(Gershman ‘08)


Example11

Example

Can (a + b) be resolved from (a + e + d)(a + b + d) (a + b + d + e)?

(Gershman ‘08)


Example12

Example

Can (a + b) be resolved from (a + e + d)(a + b + d) (a + b + d + e)?

(Gershman ‘08)


Example13

Example

Can (a + b) be resolved from (a + e + d)(a + b + d) (a + b + d + e)?

(Gershman ‘08)


Example14

Example

Can (a + b) be resolved from (a + e + d)(a + b + d) (a + b + d + e)?

(Gershman ‘08)


Example15

Example

Can (a + b) be resolved from (a + e + d)(a + b + d) (a + b + d + e)?

(Gershman ‘08)


Example16

Example

Can (a + b) be resolved from (a + e + d)(a + b + d) (a + b + d + e)?

(Gershman ‘08)


Proposed method

Proposed method

  • Select potential target functions with the same support set:

    f1(x1,x2,…,xm), f2(x1,x2,…,xm), … , fn(x1,x2,…,xm)

  • Generate collective resolution proof.

  • Structure the proofs so that there are moreshared nodes.


Which nodes can be shared

Which nodes can be shared?

  • For the interpolants to be valid:

    • The clause partitions Aand Bmust remain the same.

    • The global variables must remain the same.


Which nodes can be shared1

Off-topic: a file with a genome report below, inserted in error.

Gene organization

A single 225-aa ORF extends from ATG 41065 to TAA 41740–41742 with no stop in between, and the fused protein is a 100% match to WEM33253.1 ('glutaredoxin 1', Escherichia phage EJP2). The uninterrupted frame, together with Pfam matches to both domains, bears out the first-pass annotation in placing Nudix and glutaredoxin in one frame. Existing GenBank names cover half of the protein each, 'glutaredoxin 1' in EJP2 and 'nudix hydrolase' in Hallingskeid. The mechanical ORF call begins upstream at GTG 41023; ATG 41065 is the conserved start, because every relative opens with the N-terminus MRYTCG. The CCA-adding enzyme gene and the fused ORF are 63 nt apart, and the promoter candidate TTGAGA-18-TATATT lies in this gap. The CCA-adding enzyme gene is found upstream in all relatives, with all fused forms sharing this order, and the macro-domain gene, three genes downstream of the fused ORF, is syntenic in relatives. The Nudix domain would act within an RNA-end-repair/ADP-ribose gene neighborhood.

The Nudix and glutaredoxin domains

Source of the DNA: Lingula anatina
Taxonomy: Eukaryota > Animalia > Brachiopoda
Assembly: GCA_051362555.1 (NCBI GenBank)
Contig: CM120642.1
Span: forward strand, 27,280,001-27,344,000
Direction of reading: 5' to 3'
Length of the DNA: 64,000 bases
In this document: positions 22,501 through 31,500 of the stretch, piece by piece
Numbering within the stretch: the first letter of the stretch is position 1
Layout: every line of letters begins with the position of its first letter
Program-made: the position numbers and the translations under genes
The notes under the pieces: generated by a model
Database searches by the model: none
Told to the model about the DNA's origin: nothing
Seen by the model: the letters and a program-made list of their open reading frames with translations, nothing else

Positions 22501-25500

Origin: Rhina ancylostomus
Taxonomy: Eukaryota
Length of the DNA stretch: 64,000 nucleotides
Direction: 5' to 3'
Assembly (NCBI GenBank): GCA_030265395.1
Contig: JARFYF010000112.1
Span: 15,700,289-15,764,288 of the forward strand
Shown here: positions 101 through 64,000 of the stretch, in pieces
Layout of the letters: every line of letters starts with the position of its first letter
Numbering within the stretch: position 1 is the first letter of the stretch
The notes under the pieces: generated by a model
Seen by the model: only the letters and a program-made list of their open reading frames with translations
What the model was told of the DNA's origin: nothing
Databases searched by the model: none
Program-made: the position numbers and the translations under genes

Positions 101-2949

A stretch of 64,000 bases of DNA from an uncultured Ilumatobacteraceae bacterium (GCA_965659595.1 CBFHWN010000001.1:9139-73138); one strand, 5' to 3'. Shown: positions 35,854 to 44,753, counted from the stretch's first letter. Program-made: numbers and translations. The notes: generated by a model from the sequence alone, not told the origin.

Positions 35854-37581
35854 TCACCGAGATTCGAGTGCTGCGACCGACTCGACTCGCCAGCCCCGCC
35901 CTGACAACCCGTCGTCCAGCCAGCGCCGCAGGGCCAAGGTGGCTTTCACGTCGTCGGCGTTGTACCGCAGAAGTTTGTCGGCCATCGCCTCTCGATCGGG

Which nodes can be shared?

f (x1,x2,…,xm):

( f )(CNFLeft)( f *)(CNFRight)(x1 = x1*)(x2 = x2*)…(xm = xm*)

B

A

g (x1,x2,…,xm):

( g)(CNFLeft)( g *)(CNFRight)(x1 = x1*)(x2 = x2*)…(xm = xm*)

B

A


Which nodes can be shared2

Which nodes can be shared?

f (x1,x2,…,xm):

( f )(CNFLeft)( f *)(CNFRight)(x1 = x1*)(x2 = x2*)…(xm = xm*)

B

A

Only the assertion clausesdiffer

g (x1,x2,…,xm):

( g)(CNFLeft)( g *)(CNFRight)(x1 = x1*)(x2 = x2*)…(xm = xm*)

B

A


Restructuring proofs

Restructuring Proofs

  • Color the assertion clauses and descendants black.

  • Color the remaining clauses white.

  • Resolve black nodes from white nodes.


Restructuring proofs1

Restructuring Proofs


Restructuring proofs2

Restructuring Proofs


Restructuring proofs3

Restructuring Proofs


Proposition

Proposition

The interpolants from restructured proofs are equivalent.

Proof:

  • The roots of all white clauses are present in the original SAT instance.

  • The global variables are the same for each SAT instance.


Experiment

Experiment

  • Test to see to what extent proofs can be restructured.

    • How many black nodes can be resolved from white nodes?

  • Generated resolution proofs from benchmark circuits.

    • POs specified in terms of all PIs.


Discussion

Discussion

Can effect large structural changes.


Discussion1

Discussion

  • Preliminary results show that there is significant potential for node sharing.

  • Techniques are highly scalable.

    • Calls to SAT solver are incremental.

    • Heuristics could improve scalability.


Future work

Future Work

  • Implement full synthesis routine.

  • Improve conversion of resolution proofs to circuits (Backes and Riedel ICCAD’10).

  • Try different decision variable orderings.

  • Explore more general restructuring operations with resolution proofs.


Questions

Questions?

Acknowledgments